Former Vice President Al Gore said the rapid expansion of information flow on the Internet could change the future of campaign finance, but that hunger for campaign cash will continue as long as political TV ads remain effective.
The 30-second TV ad isn't going away anytime soon, Gore said at a media conference at Middle Tennessee State University on Tuesday evening.
"The Internet is a great source of hope, and I believe its importance is growing every day," Gore said. "But I think it's important to have a sense of perspective on where we are at the present time. Television is still completely dominant."
Gore said he made taxpayer-supported financing of all federal elections a platform in both his 1988 and 2000 presidential campaigns. Few - including opposition researchers for other campaigns - took note, he said.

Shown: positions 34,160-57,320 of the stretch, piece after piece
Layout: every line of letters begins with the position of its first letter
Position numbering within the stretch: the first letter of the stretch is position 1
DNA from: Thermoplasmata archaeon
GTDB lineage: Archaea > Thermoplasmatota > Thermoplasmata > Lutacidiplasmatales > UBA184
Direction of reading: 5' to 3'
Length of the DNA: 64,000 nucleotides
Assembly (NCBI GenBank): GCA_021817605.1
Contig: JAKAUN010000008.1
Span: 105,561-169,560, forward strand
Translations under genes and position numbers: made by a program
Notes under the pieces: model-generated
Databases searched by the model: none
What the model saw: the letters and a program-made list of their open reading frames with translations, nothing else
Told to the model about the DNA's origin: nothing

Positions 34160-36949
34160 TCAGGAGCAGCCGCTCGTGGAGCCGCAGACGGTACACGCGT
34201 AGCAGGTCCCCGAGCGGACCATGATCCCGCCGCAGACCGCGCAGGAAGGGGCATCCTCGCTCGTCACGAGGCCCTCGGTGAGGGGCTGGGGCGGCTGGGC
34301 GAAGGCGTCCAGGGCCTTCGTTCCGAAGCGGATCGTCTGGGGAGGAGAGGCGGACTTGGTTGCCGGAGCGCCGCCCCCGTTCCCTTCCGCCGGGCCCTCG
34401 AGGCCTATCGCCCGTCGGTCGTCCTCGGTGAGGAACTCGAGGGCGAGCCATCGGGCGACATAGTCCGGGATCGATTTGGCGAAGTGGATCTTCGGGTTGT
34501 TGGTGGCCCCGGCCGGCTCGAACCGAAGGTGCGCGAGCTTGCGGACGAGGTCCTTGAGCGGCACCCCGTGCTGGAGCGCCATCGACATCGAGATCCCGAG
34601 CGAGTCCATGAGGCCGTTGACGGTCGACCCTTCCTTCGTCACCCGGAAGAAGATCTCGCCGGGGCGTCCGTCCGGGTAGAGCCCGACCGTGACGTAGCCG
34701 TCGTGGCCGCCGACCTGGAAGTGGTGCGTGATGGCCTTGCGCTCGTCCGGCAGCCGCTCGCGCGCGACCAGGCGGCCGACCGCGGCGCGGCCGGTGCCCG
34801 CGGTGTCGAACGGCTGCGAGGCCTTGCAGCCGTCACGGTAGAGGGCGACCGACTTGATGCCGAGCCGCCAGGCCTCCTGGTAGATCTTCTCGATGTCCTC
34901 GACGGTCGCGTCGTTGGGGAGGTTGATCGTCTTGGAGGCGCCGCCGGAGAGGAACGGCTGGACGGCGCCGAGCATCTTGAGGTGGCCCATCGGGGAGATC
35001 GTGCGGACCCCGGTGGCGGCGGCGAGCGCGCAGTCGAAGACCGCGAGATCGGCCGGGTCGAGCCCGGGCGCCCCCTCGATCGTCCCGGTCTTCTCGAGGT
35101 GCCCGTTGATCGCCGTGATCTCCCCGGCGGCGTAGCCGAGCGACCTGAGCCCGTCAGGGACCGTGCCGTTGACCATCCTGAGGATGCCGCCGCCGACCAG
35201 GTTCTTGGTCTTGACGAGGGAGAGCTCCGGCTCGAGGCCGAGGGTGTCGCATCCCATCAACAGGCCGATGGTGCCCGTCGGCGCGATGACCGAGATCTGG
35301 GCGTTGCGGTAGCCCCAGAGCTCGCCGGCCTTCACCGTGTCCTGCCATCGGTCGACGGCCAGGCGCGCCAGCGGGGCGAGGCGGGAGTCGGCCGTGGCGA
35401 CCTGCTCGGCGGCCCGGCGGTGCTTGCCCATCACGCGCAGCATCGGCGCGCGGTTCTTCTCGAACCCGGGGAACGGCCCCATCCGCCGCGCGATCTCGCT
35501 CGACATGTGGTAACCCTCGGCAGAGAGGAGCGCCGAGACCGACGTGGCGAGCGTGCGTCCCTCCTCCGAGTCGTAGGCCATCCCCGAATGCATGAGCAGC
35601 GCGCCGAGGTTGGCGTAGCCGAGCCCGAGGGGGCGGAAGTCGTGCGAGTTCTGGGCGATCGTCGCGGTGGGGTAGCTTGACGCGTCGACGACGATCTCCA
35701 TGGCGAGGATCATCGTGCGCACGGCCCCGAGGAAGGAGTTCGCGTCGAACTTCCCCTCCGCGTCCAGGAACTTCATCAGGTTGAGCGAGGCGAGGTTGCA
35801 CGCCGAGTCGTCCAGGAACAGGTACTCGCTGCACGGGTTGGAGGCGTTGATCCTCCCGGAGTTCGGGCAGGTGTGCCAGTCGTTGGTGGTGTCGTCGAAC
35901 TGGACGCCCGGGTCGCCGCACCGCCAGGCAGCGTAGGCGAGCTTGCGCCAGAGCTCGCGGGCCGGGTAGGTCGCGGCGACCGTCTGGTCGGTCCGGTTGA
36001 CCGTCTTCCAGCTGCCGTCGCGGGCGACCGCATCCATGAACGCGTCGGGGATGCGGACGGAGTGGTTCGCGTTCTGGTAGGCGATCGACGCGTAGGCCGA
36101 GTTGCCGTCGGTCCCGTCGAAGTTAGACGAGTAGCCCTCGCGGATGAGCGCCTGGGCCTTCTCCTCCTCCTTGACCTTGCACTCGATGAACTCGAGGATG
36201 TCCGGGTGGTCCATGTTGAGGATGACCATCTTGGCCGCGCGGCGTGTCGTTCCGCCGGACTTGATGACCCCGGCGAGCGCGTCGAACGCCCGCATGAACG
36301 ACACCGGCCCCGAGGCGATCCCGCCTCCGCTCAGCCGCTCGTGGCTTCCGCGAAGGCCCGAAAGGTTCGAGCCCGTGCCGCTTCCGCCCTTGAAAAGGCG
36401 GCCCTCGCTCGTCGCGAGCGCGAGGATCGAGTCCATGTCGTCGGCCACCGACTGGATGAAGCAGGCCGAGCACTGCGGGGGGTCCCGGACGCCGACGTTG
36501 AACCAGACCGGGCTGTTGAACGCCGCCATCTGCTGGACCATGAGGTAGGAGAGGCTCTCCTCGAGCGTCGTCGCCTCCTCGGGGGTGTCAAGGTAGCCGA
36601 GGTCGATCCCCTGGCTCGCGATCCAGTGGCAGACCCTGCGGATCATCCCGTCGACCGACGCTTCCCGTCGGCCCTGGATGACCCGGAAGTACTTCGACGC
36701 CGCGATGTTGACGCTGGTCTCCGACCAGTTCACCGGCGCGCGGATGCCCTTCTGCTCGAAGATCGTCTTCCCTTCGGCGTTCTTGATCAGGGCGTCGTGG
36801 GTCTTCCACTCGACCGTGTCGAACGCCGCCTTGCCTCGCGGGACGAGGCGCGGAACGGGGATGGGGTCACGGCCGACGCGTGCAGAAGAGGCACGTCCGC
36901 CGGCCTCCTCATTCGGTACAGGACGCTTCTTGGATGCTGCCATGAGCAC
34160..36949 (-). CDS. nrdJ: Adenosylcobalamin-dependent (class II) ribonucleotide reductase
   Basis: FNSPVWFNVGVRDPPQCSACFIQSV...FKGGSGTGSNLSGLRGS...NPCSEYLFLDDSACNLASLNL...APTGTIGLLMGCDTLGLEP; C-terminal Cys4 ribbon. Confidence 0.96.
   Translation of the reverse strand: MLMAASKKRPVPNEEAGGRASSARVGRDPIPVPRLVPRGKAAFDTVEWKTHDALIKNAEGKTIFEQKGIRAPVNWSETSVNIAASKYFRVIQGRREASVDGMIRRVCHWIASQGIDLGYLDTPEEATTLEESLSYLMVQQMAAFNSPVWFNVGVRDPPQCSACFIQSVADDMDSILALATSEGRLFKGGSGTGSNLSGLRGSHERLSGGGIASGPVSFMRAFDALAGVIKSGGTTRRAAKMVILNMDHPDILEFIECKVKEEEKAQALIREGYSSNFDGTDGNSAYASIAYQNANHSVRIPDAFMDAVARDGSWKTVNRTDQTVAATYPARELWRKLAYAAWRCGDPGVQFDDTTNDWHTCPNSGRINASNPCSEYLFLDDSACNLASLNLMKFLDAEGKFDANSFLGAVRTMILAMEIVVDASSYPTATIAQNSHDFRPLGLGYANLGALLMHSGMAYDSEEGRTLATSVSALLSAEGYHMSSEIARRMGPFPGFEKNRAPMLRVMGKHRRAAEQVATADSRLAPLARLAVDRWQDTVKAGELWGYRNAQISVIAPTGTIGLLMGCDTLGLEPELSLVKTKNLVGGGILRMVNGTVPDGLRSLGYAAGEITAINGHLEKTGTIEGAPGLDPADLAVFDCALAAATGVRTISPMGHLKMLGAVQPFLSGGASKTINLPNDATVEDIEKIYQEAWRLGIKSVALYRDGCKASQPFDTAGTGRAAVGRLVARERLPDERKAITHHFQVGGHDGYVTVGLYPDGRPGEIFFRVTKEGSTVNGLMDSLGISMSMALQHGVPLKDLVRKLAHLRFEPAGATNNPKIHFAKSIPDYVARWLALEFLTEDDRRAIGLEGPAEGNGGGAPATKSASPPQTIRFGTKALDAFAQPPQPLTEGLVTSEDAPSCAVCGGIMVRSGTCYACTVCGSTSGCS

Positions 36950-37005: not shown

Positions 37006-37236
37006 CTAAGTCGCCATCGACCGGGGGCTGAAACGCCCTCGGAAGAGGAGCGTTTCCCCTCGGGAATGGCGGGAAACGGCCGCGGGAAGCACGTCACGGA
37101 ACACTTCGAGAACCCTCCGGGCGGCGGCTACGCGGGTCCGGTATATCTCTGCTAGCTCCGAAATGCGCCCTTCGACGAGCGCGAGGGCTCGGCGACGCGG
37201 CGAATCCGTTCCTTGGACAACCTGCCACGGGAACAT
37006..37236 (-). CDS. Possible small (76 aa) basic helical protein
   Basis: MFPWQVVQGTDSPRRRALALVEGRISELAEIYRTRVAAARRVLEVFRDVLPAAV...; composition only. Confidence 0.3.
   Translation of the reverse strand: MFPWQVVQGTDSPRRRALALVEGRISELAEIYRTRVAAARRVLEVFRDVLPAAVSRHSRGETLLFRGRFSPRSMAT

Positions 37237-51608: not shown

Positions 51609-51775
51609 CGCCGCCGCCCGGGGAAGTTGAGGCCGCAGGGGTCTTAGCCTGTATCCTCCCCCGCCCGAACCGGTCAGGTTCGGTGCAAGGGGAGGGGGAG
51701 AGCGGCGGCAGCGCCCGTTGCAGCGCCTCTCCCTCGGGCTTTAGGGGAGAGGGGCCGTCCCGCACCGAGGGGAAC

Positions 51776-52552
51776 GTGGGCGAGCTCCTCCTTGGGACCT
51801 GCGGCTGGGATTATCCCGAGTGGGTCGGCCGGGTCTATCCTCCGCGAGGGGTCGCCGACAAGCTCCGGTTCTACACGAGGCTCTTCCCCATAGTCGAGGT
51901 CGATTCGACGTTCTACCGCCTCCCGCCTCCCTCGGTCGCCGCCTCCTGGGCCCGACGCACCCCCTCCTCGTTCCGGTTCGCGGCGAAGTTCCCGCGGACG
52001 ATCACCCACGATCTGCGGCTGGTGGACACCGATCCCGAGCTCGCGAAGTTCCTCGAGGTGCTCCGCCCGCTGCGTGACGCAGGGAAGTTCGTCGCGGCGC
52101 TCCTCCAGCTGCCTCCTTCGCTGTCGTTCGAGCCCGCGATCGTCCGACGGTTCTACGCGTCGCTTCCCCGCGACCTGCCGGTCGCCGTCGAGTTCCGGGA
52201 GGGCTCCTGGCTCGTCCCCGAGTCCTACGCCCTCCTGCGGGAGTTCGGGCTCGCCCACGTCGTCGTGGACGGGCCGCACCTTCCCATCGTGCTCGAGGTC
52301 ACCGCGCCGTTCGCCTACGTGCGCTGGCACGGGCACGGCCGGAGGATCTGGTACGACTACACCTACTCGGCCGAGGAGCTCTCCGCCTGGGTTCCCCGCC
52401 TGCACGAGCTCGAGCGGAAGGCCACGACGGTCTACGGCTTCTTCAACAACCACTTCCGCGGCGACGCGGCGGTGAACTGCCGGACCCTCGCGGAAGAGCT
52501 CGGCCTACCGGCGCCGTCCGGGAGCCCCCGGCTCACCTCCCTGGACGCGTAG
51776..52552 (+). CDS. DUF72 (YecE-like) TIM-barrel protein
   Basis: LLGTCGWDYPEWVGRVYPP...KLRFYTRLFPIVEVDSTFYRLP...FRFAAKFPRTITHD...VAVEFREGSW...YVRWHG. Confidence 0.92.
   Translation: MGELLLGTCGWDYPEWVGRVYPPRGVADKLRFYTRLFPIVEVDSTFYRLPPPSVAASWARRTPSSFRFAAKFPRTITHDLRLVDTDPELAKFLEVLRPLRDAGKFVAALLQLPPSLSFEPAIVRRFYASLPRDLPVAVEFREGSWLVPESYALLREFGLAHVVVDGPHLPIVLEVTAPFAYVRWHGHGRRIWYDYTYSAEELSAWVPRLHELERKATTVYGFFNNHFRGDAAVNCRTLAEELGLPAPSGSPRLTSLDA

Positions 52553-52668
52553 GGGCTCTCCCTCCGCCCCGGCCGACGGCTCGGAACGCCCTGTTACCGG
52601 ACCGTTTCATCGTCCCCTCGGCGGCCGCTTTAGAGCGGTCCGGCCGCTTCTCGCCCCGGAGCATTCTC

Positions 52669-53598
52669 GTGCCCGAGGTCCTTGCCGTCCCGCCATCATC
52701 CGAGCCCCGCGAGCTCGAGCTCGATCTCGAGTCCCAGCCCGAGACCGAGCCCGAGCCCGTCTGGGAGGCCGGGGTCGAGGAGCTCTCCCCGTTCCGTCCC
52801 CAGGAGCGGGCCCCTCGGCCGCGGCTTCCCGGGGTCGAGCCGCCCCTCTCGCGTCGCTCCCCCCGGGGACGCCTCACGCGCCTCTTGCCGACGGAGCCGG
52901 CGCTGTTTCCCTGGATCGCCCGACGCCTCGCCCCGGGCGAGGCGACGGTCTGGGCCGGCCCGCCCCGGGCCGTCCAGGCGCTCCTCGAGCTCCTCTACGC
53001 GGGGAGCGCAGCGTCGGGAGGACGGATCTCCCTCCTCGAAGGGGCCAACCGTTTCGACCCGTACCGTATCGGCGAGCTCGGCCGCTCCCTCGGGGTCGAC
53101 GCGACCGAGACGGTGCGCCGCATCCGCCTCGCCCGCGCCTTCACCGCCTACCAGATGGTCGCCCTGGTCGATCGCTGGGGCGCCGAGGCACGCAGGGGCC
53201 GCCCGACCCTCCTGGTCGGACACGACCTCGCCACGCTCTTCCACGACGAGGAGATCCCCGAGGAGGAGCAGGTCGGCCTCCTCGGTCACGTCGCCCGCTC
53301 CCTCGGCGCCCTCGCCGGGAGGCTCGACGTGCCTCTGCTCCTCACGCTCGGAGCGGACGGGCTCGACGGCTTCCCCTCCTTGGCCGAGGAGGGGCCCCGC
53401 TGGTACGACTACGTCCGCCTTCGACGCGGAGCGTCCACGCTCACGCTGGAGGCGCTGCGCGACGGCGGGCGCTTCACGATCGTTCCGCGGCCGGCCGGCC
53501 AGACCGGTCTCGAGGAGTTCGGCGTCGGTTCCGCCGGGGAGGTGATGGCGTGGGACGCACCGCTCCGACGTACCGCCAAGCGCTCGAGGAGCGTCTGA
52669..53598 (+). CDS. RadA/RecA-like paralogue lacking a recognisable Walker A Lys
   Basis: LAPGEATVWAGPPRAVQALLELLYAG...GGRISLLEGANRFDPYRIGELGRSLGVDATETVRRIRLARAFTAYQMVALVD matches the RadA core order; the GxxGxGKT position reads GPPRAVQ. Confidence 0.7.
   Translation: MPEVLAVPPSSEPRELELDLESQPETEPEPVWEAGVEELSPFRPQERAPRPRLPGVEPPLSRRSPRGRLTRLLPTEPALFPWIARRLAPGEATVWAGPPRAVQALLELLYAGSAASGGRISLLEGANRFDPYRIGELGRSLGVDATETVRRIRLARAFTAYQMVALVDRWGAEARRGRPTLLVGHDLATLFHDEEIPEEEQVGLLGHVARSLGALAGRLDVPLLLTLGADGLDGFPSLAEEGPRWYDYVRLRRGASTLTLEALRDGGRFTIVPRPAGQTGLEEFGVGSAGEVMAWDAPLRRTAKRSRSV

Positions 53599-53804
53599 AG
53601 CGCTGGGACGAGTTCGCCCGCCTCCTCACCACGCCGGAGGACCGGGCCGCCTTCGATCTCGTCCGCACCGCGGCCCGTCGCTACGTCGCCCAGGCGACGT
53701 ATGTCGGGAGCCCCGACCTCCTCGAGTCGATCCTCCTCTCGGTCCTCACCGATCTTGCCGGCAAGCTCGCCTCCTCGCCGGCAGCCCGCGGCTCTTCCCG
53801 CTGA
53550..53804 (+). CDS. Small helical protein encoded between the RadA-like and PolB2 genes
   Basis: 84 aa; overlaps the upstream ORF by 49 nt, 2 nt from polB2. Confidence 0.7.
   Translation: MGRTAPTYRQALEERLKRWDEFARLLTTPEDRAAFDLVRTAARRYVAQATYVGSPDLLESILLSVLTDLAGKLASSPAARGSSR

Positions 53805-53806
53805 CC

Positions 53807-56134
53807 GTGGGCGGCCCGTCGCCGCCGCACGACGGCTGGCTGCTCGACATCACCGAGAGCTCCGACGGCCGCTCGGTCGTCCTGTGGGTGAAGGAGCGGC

"They always assumed that it was so implausible that there was no point in attacking me about it," he said.
His thinking has not changed much in the intervening years, he said. And any laws to reduce campaign spending are likely to cause independent expenditure groups to make a commensurate increase in spending, he said.
Gore, whose documentary film "An Inconvenient Truth" about global warming won an Academy Award on Sunday, has said repeatedly he has no plans to join the field of 2008 Democratic presidential aspirants.
But Gore's unwillingness to rule out a run completely has given some activists hope that he might change his mind.